• JIS News

    As part of his ongoing encouragement to teachers and students to excel, Governor-General, His Excellency, the Most Hon. Professor Sir Kenneth Hall visited the Green Island, and Rusea’s High Schools in Hanover on April 9.
    Sir Kenneth, accompanied by Lady Rheima Hall, also planted a tree at each school, as a reminder to members of the school family to respect all life; protect the environment; reject violence; share with others; listen to understand; and rediscover love.
    In his address at the Green Island High School, the Governor-General said there seemed to be two competing philosophies about education; that education should be about creating involved and conscious citizens; and the other more recent one, that education should be about preparing graduates for the workplace. It is presented very often, he said, as though the two were incompatible.
    He encouraged his audience not to take sides in the issue, adding that it was his view that the school should do both.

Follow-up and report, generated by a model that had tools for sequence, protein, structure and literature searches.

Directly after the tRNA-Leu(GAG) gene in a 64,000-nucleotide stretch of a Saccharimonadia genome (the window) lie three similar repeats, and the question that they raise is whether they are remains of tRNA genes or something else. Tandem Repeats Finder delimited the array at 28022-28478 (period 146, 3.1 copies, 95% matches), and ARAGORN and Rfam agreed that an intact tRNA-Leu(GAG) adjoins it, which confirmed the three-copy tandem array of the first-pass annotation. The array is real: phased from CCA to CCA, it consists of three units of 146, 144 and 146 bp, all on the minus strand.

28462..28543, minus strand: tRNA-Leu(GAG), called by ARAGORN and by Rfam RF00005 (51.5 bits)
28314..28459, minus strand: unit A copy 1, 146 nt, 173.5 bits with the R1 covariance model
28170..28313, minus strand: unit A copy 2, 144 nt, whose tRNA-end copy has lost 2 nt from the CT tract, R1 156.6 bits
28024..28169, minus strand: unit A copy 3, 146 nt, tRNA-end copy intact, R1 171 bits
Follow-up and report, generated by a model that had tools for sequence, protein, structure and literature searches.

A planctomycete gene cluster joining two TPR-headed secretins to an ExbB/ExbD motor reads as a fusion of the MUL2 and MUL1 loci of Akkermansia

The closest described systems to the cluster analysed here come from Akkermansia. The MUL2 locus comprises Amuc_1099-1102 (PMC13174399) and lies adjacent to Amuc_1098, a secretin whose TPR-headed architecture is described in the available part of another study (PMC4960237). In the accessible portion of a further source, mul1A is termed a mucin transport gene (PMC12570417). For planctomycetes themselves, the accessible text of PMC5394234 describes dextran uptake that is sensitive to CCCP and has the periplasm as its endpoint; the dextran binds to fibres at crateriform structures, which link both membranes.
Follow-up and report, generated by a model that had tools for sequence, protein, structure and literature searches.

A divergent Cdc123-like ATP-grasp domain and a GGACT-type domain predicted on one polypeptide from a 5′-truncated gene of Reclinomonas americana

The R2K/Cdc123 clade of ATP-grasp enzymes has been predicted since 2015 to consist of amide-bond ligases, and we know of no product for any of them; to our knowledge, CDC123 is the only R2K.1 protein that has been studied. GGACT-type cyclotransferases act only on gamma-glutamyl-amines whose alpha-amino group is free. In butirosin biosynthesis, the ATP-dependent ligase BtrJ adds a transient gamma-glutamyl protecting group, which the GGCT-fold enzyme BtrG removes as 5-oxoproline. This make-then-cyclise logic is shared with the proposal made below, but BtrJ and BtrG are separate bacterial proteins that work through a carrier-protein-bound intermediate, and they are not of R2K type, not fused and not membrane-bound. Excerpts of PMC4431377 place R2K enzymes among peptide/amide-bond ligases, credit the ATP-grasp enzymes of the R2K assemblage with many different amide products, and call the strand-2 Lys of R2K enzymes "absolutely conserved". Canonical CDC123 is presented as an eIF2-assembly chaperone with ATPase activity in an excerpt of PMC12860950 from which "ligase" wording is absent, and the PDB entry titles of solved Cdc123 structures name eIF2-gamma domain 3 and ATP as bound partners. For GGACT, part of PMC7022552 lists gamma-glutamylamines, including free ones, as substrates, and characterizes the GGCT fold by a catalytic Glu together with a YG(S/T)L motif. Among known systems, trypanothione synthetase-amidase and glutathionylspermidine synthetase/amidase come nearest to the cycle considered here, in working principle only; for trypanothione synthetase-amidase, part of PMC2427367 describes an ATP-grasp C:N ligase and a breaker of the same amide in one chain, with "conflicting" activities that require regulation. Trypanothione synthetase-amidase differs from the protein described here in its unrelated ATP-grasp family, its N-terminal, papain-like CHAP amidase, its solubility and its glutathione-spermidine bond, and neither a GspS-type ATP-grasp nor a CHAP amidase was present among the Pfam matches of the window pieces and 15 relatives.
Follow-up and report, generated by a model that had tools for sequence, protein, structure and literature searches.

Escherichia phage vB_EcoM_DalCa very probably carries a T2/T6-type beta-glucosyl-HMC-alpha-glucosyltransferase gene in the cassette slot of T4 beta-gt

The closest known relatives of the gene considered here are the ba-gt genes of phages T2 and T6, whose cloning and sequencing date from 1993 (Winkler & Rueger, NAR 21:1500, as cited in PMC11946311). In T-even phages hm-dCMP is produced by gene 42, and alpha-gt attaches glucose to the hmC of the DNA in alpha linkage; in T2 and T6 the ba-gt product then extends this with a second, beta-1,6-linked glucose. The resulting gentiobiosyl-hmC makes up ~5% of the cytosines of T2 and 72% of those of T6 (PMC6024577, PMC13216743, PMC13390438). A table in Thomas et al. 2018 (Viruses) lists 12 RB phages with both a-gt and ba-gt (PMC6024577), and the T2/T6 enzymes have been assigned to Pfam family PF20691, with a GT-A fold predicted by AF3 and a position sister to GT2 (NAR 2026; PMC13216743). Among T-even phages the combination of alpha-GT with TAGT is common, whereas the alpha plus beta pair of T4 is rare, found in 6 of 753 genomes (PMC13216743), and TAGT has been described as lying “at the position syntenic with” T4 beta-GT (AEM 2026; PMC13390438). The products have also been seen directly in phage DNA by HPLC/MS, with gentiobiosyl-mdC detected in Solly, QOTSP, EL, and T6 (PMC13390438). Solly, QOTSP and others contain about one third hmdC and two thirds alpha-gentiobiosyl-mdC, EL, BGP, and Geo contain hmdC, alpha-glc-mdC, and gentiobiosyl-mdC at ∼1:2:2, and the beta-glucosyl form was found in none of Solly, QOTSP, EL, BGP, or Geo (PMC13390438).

“My reason for suggesting that you need to merge these two competing philosophies happens to be that in a place like Hanover, you really have very little choice, because we have to create citizens who are able to function, not only in Hanover, (and) in Jamaica, but also in the world at large. We must also be clear that an education provides every educated person with the capacity, not merely to work for others, but to create his or her own space, his or her own job,” the Governor-General said.
    He argued that the school has the responsibility of becoming part and parcel of the development of the parish. “It has a responsibility to create new citizens, to ensure that all of the citizens have a focus, have a purpose, and can continue to make their contributions as all other Hanoverians have done elsewhere,” he added.
    At his alma mater, Rusea’s High School, the Governor-General lauded the scholastic achievements of the students, adding that such achievements formed part of the tradition of the institution.
    He pledged the continued support of the Old Students Association to the institution, adding that it was drilled in the consciousness of former students that service to the country was the highest achievement for an individual.
    “You have made your own achievements, but the one appeal I have is that we must return to a tradition of excellence, because this is the only guarantee we have in this country, that all of you are going to find a place as creative citizens in our country,” Sir Kenneth said.